Tuesday, 26 April 2016


Patrick and the team on An Teallach
Looking east to the Beinn Dearg group
Sgurr Fiona & the NW ridge of An Teallach
The Corrag Buidhe pinnacles of An Teallach
Spring down at Ardessie Falls
Scrambling on Stac Pollaidh
The ridge line of Stac Pollaidh. Cul Mor & Beag with fresh snow
Summit celebrations Stac Pollaidh
The fabulous Quinag ridge line
Fresh overnight snow on north aspects
Lovely beach and lochan down below
Quinag, fresh dusting of snow
Mountains and sea, what a combination
Sunset on Loch Broom
Just back from another fantastic long weekend guiding regular clients Patrick and friends. The guys come up for some fun on the mountains with me at the end of April every year.  On the previous 3 trips we had snow and winter conditions on the higher mountains and this year is no different, with snow lying to 850m on many bigger hills. It's great having these guys out as I have the privilege of picking all the best mountains for them, what a dream! The 8 guys from Surrey aren't looking for winter conditions but not adverse to a 'taste of winter'. Every day we were dressed for mid winter apart from winter boots, axes and crampons. In the Ullapool area the day time sea level temperatures were between 4 and 8 degrees. Our first day was on An Teallach, the initial plan was the classic horseshoe traverse over the main ridge, tackling the wonderful Corrag Buidhe pinnacles. I had already made the decision that we would be just walking the two Munro summits, not the scrambling sections because of the snow conditions. Temperatures were forecast for around -2 deg C. above 900m. I was hoping that the ridge lines would be largely clear of any old snow, the NW had recently enjoyed a 'warmish' spell of weather. Bidein a Ghlas Thuill had some soft, fresh snow but only very small patches which were easily avoided. The second Munro, Sgurr Fiona, is just a steep walk under summer conditions. It was quite obvious that the final 150m to the top was under a full cover of old, icy snow. So we settled for just the one summit but we still enjoyed a great time on the best mountain in the UK. The next day was even colder and another dusting of fresh snow to 700m. One of the finest (if not THE finest) 'small' mountains in Scotland as got to be Stac Pollaidh. With a height of just 612m it gives a full on experience. A steep walk onto the ridge then some scrambling along the top to the main summit which is almost a rock climb. A great choice for the day. Hardly any snow on the mountain so no issues. Our final days walk was on Quinag up in Assynt. Three Corbett status summits make up this fine ridge walk. There had been another dusting of overnight snow to lowish levels. We were round the ridge with  just the odd slushy patch of snow to avoid. The NW Highlands as some absolutely wonderful mountains. Lots of  Munros but so many stunning lower peaks to choose from.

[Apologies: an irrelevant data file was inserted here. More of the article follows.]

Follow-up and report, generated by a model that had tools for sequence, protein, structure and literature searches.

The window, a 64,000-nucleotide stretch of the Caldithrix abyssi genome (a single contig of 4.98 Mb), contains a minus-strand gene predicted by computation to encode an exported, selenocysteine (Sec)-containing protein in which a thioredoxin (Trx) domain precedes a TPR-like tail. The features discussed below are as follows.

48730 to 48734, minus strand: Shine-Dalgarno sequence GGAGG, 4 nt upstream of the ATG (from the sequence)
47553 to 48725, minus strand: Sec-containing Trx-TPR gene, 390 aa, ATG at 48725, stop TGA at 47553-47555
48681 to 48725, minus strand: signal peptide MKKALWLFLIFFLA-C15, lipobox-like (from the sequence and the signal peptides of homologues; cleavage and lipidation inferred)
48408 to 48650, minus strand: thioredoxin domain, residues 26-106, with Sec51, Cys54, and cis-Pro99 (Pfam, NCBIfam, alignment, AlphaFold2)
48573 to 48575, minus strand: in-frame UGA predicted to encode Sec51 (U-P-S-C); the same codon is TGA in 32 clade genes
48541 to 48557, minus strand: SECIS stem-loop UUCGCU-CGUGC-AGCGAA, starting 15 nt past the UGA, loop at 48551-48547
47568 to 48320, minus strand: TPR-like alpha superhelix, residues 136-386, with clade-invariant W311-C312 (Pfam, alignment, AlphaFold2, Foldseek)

While most folk have turned the attention to Spring and Summer on the hills, there is no getting round the fact that it is winter still up here in The Highlands. I never put the ironmongery away until at least 1st May. As I write there are heavy snow showers outside my window, you can bet this April/May is going to be another 'extended winter'. The long spell of cold, northerly winds bringing the temperatures down on the summits, the higher Munro tops well below freezing this week. Constant snow showers over the last couple of days as seen fresh snow on top of the already extensive snow fields. There are many walking options if you don't have the winter kit to tackle the bigger mountains. It's all about choosing your mountains and objectives carefully. Of course for those who relish the winter hills then it's great, we get to play out in winter for a wee bit longer! My 'record' for running a winter skills course was last year, 12th May! Will it be broken this season? Stay tuned.

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